The black college is dying. In my opinion, the preference for Historically Black Colleges and Universities (HBCUs) seems to be waning. HBCUs were once the home of our educational investments, but are now likened to the land of Reconstruction Era relics. In contrast to my viewpoint, in the Black Enterprise article The HBCU Debate: Are Black Colleges & Universities Still Needed?, the author states that “HBCUs represent about 3 percent of colleges in the U.S. but enroll 12 percent of all Black college students and produce 23 percent of all Black college graduates.”
I can understand that many may disagree with my opinion, but personally, it is less of a concern that I hear about stories of exceptionalism, as presented in some of the studies I’ve read. I am more concerned about the areas of failure contributing to the slow demise of HBCUs such as relying on a few successful graduates to prove the efficacy of HBCUs, the lack of alumni support, or the disappointing and declining retention rates.
According to a report in the Journal of Blacks at Higher Education, “At nearly half the HBCUs in our survey, the Black student graduation rate is 33 percent or lower.” As a proud graduate of an HBCU (Tougaloo College), these statistics concern me. If alumni do not start caring more about their alma mater, if HBCUs do not start caring more about their faculty, and if students do not start caring more about the culture of their campuses, HBCUs may become nothing more than post-Civil War antiques. Things need to change — now.
The HBCU retention rate is low. This is caused by a myriad of reasons, but largely because the students it retains are not actively involved in the affairs of their alma mater. We are not involved financially or as attentively as we need to be. It is no secret that African American history is filled with countless examples of black people who benefited from a community they never supported in return. Therefore, if the various statistics are correct, and HBCUs are mostly responsible for the growth of black doctors, lawyers, engineers and PhDs, then why is that not reflected in the donations? Either the statistics are incorrect or graduates are not returning the favors. Alumni need to show support financially and not just by attending homecoming events, sporting college apparel in representation of their alma mater, and engaging in unnecessary arguments with graduates of rival institutions. Donations, however, are not the only way to show support. HBCU graduates can join alumni associations, help host college fairs, join recruitment efforts and most importantly, sponsor a student.
The low retention rates and overall lack of funding contributes to the mistreatment of HBCU faculty. HBCUs will remain in their current state they fail to change the way members of the faculty are treated. Most of the faculty members are extremely overworked. Long office hours, an extensive course load, unappreciative students and quasi sabbaticals are a lot harder to handle when the school does not always have the funds to confer tenure. Many times I have seen distress on the faces of my professors as they spent countless hours grading half decent papers or returning from last minute faculty meetings. I am aware, of course, that this is not exclusive to HBCUs.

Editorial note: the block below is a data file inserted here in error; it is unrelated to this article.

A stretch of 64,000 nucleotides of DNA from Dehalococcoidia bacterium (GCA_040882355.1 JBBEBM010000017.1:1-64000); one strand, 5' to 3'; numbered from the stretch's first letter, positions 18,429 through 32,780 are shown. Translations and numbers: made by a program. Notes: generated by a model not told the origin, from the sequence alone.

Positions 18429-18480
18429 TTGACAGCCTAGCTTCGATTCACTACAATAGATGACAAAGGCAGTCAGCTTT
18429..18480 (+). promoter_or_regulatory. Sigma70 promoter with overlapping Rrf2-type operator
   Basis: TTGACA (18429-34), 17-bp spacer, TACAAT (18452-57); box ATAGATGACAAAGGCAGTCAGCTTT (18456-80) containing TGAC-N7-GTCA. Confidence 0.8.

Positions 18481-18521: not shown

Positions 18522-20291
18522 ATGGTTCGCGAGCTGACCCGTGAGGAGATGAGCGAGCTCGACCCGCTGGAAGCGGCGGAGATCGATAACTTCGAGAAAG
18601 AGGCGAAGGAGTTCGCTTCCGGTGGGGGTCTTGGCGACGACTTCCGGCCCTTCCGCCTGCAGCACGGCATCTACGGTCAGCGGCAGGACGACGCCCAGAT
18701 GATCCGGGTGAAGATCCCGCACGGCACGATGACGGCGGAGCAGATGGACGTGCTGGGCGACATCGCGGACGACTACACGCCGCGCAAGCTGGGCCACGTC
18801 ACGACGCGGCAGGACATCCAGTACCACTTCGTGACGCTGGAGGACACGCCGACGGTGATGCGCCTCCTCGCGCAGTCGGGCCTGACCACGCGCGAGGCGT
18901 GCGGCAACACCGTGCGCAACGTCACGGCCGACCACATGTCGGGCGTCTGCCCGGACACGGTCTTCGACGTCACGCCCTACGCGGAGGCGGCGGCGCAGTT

The assertion that students and professors at HBCUs are like family members and not just numbers or statistics comes into question when professors are not valued for the work that they do. Improved treatment of instructors would include allocating lighter coarse loads, providing the option for more sabbaticals and creating a better support system for their development as educators.
Finally, I believe the HBCU is in its current state because the cultures of the campuses are not conducive for student retention. The things that once made HBCUs special are the same things that are causing them to suffer. HBCUs are known for boisterous homecomings, marching bands and Greek life, but not as much for academic rigor, leadership training or character development. I am not implying that the latter is not present, but I am stating that the latter is not expected as much as the former. Historically, homecomings served as a time to boast about how our alma mater helped us accomplish our goals, now they are the only times that alumni donate money. Historically, marching bands and Greek letter organizations were inspirations for grade improvement and character enhancement, but are now pursued at the expense of those things. We have to — no we must — switch the priorities on our campuses to other aspects of campus life. I am not implying we should rid ourselves of Greek letter organizations and marching bands, but suggesting we cease privileging them to the extent that we currently do. Let us start focusing on the values once underpinning homecomings, marching bands and Greek life: social solidarity and enhancement.
HBCUs were once places where the black community protected its raisins from the sun, but it now appears to be a locale where grapes are no longer planted. Since President Obama signed an executive order to allocate $228 million in grants to 97 HBCUs, much discussion has taken place regarding the relevance of and need for HBCUs. Some exaggerate its need, while most disregard its importance. I believe HBCUs are vital to American life, but like Dr. Eddie Glaude said about the Black Church, this death “occasions an opportunity to breathe new life into what it means to be black.” This death is an opportunity for HBCUs to (re)define what it means to be an institution in the 21st century that addresses the beautiful and the ugly in the age of Obama, the New Jim Crow, issues of poverty, and so forth. This is a sad time, but it is also a time to change, to care, and to improve so that HBCUs can continue the legacy of creating some of the best leaders the world has ever seen.
Do you agree that “the black college is dead”?